Eclipse experiment draws in ham radio buffs

Scientist and ham radio operator Nathaniel Frissell will be doing a massive "citizen science" project with fellow radio enthusiasts to use radio signals to probe changes in the Earth's atmosphere during the eclipse.
A vintage ham radio set-up (The Associated Press)

Several scientific experiments during Monday's eclipse will draw from "citizen scientists" for their data. One asks participants to record the reactions of animals during the eclipse. Another called The Eclipse Megamovie is asking people under the band of totality to record pictures and videos, which can then be stitched together into one continuous video of the entire event.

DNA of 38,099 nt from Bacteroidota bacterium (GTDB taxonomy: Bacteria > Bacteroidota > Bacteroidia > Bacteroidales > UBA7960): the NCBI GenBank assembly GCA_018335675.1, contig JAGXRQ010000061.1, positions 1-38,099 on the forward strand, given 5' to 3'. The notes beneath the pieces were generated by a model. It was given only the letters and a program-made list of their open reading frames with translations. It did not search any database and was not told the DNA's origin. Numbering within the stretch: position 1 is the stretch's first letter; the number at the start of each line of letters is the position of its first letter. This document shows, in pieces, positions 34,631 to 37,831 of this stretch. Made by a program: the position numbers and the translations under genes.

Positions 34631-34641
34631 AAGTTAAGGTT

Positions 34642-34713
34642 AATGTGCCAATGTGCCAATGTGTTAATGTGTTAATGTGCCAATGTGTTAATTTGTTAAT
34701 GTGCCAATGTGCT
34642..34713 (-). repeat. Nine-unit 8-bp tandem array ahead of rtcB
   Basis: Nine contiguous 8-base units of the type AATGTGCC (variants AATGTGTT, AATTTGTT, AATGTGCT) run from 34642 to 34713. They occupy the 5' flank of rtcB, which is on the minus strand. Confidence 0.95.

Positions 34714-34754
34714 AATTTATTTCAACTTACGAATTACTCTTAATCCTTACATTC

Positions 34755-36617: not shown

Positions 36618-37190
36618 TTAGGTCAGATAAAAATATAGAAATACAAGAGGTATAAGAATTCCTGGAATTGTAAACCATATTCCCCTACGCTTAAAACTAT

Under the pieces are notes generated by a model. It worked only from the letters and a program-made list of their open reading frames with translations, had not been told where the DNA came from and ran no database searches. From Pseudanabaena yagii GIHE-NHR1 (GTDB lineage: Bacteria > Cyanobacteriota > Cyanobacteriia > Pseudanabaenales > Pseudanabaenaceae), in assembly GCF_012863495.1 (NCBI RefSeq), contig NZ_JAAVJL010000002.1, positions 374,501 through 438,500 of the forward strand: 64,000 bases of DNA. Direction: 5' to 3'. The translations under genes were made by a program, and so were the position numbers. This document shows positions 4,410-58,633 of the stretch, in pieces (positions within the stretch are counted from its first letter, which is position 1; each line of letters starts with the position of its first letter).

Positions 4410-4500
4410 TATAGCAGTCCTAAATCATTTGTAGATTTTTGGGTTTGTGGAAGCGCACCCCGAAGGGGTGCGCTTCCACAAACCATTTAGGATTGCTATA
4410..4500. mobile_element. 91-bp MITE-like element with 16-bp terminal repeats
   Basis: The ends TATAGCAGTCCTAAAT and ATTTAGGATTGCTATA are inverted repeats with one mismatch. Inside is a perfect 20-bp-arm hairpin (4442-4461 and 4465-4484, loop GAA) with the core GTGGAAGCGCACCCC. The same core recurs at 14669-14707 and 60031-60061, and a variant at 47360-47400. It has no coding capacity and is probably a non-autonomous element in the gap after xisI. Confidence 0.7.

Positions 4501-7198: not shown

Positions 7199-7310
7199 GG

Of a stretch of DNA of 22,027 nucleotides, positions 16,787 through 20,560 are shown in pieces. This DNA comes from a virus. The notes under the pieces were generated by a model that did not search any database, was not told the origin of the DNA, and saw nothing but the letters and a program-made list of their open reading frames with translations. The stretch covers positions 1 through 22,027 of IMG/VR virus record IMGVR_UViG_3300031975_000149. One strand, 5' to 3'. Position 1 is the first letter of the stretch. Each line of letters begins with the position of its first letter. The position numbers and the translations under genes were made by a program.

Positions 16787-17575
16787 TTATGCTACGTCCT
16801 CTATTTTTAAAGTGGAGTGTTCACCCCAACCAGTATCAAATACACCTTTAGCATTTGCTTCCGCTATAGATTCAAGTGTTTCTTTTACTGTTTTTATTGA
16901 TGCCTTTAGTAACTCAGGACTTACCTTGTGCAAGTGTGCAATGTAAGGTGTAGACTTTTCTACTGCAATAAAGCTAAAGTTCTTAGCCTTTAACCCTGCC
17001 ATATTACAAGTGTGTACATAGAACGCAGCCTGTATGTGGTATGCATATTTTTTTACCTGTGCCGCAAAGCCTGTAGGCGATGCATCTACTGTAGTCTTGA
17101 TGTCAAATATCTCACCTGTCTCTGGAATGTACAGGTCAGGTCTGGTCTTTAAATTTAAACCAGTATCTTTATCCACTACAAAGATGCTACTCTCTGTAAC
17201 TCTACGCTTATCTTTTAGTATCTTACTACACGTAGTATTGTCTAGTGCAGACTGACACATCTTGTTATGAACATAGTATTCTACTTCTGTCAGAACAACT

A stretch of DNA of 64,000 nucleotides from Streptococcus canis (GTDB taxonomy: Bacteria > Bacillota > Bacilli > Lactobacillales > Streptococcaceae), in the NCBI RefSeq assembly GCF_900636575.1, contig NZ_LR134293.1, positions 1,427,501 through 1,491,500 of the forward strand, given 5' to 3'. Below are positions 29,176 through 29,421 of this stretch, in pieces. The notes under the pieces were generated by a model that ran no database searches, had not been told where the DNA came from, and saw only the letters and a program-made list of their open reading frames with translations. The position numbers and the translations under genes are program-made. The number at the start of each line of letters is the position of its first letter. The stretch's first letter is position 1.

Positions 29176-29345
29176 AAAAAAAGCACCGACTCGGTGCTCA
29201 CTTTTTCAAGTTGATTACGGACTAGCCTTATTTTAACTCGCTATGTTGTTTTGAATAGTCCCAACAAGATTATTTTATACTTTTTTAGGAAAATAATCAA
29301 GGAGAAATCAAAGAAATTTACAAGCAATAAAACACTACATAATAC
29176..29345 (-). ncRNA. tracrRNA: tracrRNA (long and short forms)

An experiment led by Dr. Nathaniel Frissell from the New Jersey Institute of Technology, won't require you to be anywhere near the eclipse. In fact, you won't have to see the sky at all. Dr. Frissell will be holding what is called a Solar Eclipse ham radio party - known as a QSO party, during which ham radio operators from all over the world will try to connect with as many others as possible. They will then use data from the signals to observe the effect of the eclipse on the Earth's ionosphere.  Ham radio signals bounce off the ionosphere, which is what allows them to travel such long distances.